UAW leader Liz Jackson, a woman of firsts, leaves powerful legacy
Elizabeth “Liz” Jackson was born Jan 18, 1918, long before the UAW’s founding in 1935. Yet once she joined the union, it seemed to be a role crafted especially for her.
She was a devoted trade unionist and member of Local 600. She was an African American woman with a voice that captivated audiences and analytical skills that made negotiators pay attention. She was the first African American woman appointed to an International staff position and the first to be appointed an administrative assistant.
She earned a berth in history books as a leader for the labor movement, African Americans and for women. She was also a woman, who up to the last seven years, marched in high heels during Detroit Labor Day parades, leaving spectators in awe and cheering her on.
Detroiter Liz Jackson passed away on March 2, 2020 at age 102.
A mentor and a friend
“I am one of the many who called her Mama Liz,” said UAW President Rory L. Gamble. “She was a true leader and someone who readily shared her knowledge with everyone around her. She believed in empowerment and she had a huge vision that encompassed the entire community. Not just what labor needed. Not just what Detroit needed, but what would bring all of us together everywhere.”
“She inspired a lot of women to go further in leadership at the UAW,” said Peaches Anderson, one of Jackson’s ‘UAW daughters,’ a close friend and president of the Local 600 Retiree Chapter. “She was humble and a powerhouse at the same time. She never stopped being committed to the union or Detroit. She never stopped showing her concern about the labor movement or what was happening on all levels of American politics. She definitely kept us all on our toes.”
Jackson was hired at the Ford Motor Company’s River Rouge Aluminum Foundry March 11, 1943. She joined Local 600 and quickly found others looking to her for leadership. Over the next 20 years, she served in numerous elected local union positions.
By 1957, Liz Jackson joined other leaders in forming the Trade Union Leaders Council (TULC). The TULC became a nationally recognized organization credited with advancing black political development within the UAW, the labor movement and the African American community.
Commitment to union and community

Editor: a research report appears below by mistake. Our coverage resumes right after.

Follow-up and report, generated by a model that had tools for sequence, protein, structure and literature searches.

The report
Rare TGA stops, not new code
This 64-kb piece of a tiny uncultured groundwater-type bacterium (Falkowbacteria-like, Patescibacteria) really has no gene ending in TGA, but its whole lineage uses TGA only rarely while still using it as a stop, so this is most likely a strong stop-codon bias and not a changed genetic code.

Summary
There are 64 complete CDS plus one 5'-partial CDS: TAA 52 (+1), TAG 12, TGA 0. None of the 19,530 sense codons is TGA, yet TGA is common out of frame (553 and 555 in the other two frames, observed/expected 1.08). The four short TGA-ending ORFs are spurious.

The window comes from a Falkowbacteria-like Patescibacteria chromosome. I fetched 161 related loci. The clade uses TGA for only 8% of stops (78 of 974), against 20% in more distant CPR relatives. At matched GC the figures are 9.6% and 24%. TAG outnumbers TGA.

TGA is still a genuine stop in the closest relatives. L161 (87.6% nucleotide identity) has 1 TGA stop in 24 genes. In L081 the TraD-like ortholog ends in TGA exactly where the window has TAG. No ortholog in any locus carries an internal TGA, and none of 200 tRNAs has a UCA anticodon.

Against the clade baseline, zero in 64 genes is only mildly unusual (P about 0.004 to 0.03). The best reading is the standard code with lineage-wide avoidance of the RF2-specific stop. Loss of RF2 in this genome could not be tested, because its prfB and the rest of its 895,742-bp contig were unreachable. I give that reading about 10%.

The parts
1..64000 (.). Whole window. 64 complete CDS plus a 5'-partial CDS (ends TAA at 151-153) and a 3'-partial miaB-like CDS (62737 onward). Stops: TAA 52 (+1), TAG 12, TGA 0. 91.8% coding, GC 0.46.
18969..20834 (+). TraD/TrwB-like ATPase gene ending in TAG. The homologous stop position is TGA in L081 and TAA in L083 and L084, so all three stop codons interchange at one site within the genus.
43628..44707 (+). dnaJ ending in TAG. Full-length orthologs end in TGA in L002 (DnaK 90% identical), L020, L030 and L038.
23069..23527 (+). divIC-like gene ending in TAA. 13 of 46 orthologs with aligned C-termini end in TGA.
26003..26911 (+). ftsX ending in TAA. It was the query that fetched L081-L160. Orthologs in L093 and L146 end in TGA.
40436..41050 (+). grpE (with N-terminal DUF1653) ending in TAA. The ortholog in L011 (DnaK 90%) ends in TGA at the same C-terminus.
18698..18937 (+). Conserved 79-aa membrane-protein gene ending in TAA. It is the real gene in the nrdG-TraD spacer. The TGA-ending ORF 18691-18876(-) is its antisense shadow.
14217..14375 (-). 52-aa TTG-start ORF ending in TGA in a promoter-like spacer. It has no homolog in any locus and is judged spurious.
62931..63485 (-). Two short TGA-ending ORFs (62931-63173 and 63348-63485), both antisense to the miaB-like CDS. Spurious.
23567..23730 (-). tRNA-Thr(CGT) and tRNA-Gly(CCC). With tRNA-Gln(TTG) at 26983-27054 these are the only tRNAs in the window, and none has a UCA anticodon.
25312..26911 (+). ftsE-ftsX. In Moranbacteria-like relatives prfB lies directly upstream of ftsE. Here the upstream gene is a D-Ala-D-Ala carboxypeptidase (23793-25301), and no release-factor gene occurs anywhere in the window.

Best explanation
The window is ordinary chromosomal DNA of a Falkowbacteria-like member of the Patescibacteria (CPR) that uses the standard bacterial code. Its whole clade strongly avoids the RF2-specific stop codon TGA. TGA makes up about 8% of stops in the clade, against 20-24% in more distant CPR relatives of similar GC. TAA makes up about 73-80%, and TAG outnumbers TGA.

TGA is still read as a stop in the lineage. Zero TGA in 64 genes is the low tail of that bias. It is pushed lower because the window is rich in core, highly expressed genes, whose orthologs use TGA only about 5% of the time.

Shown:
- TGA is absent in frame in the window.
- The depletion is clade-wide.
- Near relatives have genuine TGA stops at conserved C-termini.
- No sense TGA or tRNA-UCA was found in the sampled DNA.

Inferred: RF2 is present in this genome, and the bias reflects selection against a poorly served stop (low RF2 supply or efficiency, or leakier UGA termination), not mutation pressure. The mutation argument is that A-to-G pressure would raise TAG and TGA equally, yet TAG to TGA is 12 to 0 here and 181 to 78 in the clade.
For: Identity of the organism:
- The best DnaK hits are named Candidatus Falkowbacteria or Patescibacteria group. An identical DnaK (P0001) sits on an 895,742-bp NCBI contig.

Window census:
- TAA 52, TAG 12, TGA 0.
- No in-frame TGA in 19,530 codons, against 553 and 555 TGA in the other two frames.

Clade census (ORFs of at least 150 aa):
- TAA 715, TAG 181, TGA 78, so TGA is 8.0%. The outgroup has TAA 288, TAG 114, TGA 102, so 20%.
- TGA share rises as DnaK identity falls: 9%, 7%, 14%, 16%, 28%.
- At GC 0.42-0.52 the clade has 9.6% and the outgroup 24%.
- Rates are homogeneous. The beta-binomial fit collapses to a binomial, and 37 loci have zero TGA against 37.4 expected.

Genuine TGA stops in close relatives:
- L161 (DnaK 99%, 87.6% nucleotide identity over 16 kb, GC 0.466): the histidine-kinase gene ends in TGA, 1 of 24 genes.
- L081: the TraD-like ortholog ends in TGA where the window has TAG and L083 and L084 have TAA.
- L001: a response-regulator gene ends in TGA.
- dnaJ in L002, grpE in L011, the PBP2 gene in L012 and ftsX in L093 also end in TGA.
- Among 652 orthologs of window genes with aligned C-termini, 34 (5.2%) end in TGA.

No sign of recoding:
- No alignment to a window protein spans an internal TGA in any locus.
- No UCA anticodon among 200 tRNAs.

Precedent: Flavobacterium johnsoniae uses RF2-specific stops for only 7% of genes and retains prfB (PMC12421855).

In August 1966, UAW President Walter P. Reuther appointed Jackson to serve as an International representative assigned to the union’s National Ford Department. She was instrumental in negotiating national Ford contracts.
Her community activism included a period as vice president of the Michigan Black Caucus, a member of the Michigan Democratic Party and the Detroit Branch of the NAACP. Also, she served on the Detroit Fire Commission.
Retirement didn’t stop her
After retiring in 1983, she remained active mentoring future leaders and engaging in politics on all levels. She was active in UAW Region 1A events and doted on her beloved Local 600 active and retired friends.
In 2012, Jackson attended the Democratic National Convention as part of the Michigan delegation where she cast her vote to nominate President Barack Obama to a second term. Jackson was said to describe that event as a moment in her life that she would always remember.
On March 7, 2013, Rep. Gary Peters recognized Jackson in the Michigan House of Representatives for her lifelong achievements and contributions to the labor movement.
“Her dedication to the greater Detroit region and her brothers and sisters in organized labor have undoubtedly been an inspiration for many that have sought to serve their communities,” Rep. Peters read in the resolution he presented as a representative from Michigan’s 9th Congressional District. “Liz has made such a profound impact on the community she calls home and I wish her continued success in all of her future endeavors,” Peters, now a U.S. senator, said at the time.
His remarks were a moving tribute to Jackson shortly after her 95th birthday.
“Everyone knew who she was and what she had accomplished,” said UAW Region 1A Director Chuck Browning. “Even members who did not know her personally called her Mama Liz, because they knew about her accomplishments and saw her come around, still involved and still loving her union sisters and brothers.”
“She left us a great gift,” President Gamble said. “Elizabeth Liz Jackson will never be forgotten. Her monumental legacy will forever be a part of what makes the UAW great.”